A recent WSJ article and BIS permits raise questions and highlight the debate as to what constitutes processing, or refining, or manufacturing, which would make certain hydrocarbon streams to be eligible for export. Poten & Partners explore further in their latest 'Poten Tanker Opinion' as follows:
This week’s kerfuffle was prompted by a Wall Street Journal (WSJ) article that boldly claimed:
“The Obama administration cleared the way for the first exports of unrefined American oil in nearly four decades, allowing energy companies to start chipping away at the longtime ban on selling U.S. oil abroad.”
Well, that’s one way to sell newspapers. While not entirely true in the way the WSJ would have one believe at first blush, the express permission via a Private Letter Ruling by the Department of Commerce Bureau of Industry and Security (BIS) that grants two companies, Pioneer Natural Resources Co. and Enterprise Products Partners LP, the ability to export stabilized condensate does raise some existential questions.
The grey area results from the apparent catchall definition of condensate. Condensate is a petroleum liquid defined by an API gravity range (50-55°, up to that of NGLs) that is generally painted in two broad strokes: plant condensate or lease condensate.
The BIS defines lease condensate as crude oil, and as such, it is subject to export restrictions. Lease condensates are often stabilized at the extraction site in order to remove some of light ends. Plant condensate, on the other hand, is separated from natural gas when it is removed at a gas processing plant.
In a nutshell, the WSJ article and BIS permits raise questions and highlight the debate as to what constitutes processing, or refining, or manufacturing, which would make these hydrocarbon streams to be eligible for export.
Many companies have already been investing in condensate splitter capacity to do just that. By lightly processing ultra-light crude oils or lease condensates, the material can then be exported. Does the BIS precedent then make these projects for naught? It is tough to say at this point.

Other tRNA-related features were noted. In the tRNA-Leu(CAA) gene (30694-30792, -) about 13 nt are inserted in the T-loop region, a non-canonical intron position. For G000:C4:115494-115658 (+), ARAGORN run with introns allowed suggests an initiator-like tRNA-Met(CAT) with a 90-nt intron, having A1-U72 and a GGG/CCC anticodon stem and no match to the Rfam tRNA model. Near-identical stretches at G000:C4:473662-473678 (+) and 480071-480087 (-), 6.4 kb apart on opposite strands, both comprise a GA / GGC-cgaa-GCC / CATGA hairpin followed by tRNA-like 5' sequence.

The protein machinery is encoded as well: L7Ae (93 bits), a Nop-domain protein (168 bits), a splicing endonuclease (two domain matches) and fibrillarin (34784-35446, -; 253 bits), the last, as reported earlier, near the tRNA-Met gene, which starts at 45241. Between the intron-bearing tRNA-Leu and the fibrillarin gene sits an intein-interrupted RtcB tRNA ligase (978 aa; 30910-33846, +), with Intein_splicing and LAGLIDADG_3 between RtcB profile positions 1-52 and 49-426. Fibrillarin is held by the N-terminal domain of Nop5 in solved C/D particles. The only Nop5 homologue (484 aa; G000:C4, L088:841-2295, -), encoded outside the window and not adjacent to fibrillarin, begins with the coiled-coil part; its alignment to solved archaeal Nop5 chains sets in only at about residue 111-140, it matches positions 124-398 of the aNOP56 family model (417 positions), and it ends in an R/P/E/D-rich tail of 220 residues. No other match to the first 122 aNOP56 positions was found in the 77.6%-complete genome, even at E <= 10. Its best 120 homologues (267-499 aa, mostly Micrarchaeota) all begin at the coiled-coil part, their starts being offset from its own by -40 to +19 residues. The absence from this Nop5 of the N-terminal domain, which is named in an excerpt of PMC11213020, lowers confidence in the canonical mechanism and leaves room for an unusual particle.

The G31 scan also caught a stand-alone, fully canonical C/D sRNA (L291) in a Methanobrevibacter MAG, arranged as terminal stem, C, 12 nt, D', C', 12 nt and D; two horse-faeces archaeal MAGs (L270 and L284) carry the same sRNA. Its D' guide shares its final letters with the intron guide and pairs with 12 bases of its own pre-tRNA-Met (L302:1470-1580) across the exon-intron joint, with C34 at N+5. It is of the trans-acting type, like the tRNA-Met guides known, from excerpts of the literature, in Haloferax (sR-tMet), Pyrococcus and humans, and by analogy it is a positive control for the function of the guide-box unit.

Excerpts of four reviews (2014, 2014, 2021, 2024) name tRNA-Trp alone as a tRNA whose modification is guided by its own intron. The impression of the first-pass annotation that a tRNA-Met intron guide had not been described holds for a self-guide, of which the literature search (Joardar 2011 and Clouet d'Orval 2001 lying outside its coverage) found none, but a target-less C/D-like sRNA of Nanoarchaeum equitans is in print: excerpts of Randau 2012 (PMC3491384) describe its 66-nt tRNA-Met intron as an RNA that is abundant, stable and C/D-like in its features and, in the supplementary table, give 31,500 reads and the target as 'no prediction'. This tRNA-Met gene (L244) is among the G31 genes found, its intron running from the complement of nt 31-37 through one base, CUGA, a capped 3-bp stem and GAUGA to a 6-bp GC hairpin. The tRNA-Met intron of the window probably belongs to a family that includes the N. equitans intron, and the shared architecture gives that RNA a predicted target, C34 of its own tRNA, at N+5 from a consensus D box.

The 40-year ban on exports that is referenced by the WSJ applies to crude oil. According to the BIS US Code Title 15 CFR 754.2, “ ‘Crude oil’ is defined as a mixture of hydrocarbons that existed in liquid phase in underground reservoirs and remains liquid at atmospheric pressure after passing through surface separating facilities and which has not been processed through a crude oil distillation tower. Included are reconstituted crude petroleum, and lease condensate and liquid hydrocarbons produced from tar sands, gilsonite, and oil shale. Drip gases are also included, but topped crude oil, residual oil, and other finished and unfinished oils are excluded.”
As many people are aware, there are exceptions to the rules. The US regularly exports crude oil to Canada, as permitted through export licenses, not unlike those recently granted to Pioneer and Enterprise. Additionally, the re-export of foreign oil (read: Canadian barrels) is permitted.
It is reported that there are about 1 million barrels per day of total condensate produced in the United States; about 640 kbd is the unmanufactured lease, or field, type. The EIA estimates that crude oil production for the API 45° and higher will see the highest proportional growth rate over the next two years, see Fig. 2. [reproduced here].
The takeaway from this is twofold. One, this could be the first real inkling of Washington getting real hip to the ability of producers to find ways around arcane regulations and two, a multi-billion dollar industry could potentially change overnight with the stroke of a pen.
For shipowners, this throws one more wrench in a slowly turning policy wheel. While an actual reversal in the export ban is very unlikely before the mid-term elections in November, these developments should be taken seriously.
The public reaction, seemingly muted at the moment, may suggest that crude oil exports are more palatable than was historically assumed. Regardless, the highly politicized nature of the petroleum markets in America make long-term betting on structural trade flows, and the shipping sectors that support them, risky business.
Source: Poten & Partners